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venue

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    Are you saying, I have the power to declare that you live in foreign country? No, but Congress has that power. It s called naturalization. It can be
    Message 1 of 1 , Jun 9, 2006
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      "Are you saying, I have the power to declare that you live in foreign
      country?"

      No, but Congress has that power. It's called naturalization. It can be
      performed individually or collectively. A collective naturalization
      could even be a National Secret, after 1947, if not before.

      Here are important little known facts of law precedent:
      1. An answer to be good and valid must justify at the place name or
      venue at which the plaintiff hath complained: Wright v. Ramscot, 1
      Saunders, 84, King's Bench, 1667.
      2. venue now (around Bacon's time) means "the place of trial for an
      action". 40 Cyc. 11. though it originally meant the place from which
      the jurors came.
      3. Livingston v. Jefferson, 1 Brockenborough, 203, Fed. Cas. No.. 8411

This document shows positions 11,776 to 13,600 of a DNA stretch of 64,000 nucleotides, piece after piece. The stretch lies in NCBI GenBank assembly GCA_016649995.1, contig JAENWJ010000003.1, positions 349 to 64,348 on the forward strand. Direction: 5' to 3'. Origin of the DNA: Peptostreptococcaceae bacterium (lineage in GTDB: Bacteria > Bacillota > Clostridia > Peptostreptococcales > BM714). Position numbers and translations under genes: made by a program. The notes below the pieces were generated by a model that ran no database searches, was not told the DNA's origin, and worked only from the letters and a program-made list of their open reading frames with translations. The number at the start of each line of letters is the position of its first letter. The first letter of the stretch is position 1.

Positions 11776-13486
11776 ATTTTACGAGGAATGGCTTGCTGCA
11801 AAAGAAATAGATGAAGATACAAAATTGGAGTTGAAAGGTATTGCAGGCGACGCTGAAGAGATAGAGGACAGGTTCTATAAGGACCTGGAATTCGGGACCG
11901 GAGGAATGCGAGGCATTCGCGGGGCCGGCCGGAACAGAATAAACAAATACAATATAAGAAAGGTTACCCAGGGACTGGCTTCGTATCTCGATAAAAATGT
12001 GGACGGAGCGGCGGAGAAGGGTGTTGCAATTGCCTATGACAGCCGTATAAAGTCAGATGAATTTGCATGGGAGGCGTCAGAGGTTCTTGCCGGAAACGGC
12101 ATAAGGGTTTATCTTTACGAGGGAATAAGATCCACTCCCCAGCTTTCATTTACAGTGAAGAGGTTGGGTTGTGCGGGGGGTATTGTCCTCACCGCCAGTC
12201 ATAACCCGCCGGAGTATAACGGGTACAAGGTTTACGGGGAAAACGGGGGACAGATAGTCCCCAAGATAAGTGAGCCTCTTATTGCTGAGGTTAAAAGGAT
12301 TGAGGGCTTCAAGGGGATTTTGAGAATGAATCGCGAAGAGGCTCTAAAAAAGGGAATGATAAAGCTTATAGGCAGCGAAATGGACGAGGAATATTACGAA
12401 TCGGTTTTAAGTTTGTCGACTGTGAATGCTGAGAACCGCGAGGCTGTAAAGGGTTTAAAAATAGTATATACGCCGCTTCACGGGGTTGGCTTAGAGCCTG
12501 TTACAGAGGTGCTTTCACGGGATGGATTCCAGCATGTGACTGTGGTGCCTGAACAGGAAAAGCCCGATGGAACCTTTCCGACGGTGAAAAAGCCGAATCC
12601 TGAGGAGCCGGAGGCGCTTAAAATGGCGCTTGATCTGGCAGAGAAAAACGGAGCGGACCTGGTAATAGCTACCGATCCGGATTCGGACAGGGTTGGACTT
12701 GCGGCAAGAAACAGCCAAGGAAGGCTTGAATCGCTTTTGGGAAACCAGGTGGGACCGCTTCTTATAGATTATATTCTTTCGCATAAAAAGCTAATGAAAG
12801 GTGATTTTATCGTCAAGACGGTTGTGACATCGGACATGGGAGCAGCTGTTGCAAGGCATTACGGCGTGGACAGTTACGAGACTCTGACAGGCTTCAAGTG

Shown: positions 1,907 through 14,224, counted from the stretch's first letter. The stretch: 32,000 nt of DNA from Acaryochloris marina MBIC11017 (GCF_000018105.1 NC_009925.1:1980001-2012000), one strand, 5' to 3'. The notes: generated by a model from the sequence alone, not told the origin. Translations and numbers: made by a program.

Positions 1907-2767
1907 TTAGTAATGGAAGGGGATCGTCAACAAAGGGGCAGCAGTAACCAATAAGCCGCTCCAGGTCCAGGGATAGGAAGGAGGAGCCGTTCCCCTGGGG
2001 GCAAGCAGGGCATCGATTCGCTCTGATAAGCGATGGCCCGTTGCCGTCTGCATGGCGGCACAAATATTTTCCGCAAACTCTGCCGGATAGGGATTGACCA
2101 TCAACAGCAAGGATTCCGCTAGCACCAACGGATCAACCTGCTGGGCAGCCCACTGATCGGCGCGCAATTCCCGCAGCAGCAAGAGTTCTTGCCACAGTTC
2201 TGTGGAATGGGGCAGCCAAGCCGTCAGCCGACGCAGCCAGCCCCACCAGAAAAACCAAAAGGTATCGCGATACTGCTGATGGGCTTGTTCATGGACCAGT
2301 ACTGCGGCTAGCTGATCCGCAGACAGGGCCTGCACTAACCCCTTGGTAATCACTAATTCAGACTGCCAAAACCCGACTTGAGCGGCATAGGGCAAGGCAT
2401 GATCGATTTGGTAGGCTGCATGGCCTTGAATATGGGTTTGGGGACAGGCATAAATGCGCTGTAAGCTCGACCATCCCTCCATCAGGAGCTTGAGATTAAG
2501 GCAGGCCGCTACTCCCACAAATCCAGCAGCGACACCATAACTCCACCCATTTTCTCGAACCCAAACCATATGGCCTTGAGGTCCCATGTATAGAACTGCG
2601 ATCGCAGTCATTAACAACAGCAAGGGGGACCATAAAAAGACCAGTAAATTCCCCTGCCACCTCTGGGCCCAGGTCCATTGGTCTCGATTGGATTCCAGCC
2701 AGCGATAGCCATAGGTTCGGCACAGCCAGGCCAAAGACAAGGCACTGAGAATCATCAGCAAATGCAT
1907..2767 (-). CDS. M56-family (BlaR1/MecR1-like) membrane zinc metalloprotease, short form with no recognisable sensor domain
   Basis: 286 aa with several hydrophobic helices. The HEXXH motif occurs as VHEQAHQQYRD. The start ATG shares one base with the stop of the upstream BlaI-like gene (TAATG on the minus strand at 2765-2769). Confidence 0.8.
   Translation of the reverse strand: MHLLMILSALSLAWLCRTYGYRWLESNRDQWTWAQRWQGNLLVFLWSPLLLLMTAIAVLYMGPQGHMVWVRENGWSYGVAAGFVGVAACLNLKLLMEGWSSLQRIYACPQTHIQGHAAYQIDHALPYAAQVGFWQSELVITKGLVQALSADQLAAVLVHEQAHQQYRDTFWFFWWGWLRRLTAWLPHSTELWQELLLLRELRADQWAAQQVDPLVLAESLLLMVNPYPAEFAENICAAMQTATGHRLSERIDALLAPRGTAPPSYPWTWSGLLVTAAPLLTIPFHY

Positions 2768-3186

United States Circuit Court, Virginia 1811. Jefferson as President
      seized Livingston's land in New Orleans, a territory, on the legal
      theory, in virtue of the French law then obtaining in Louisiana, that
      title to it lay in the United States. Livingston served Jefferson in
      Virginia seeking recovery. The question was personal jurisdiction
      (cognizance) in the court for the District of Virgina whose local
      jurisdiction was the boundaries of that State. Local is distinguished
      from transitory. The significance of local here lies in the cause
      being a trespass of land close or quare clausem frigit. Facts of
      transitory nature may be stated as having occurred at one place and
      proved as occurring at any other.

      Marshal: The rules of venue is a fiction of unwritten law invented by
      the judges in the interest of justice (in the change from all actions
      being local to all personal actions being subject to the King's jury if
      within the realm). It has no statutory authority.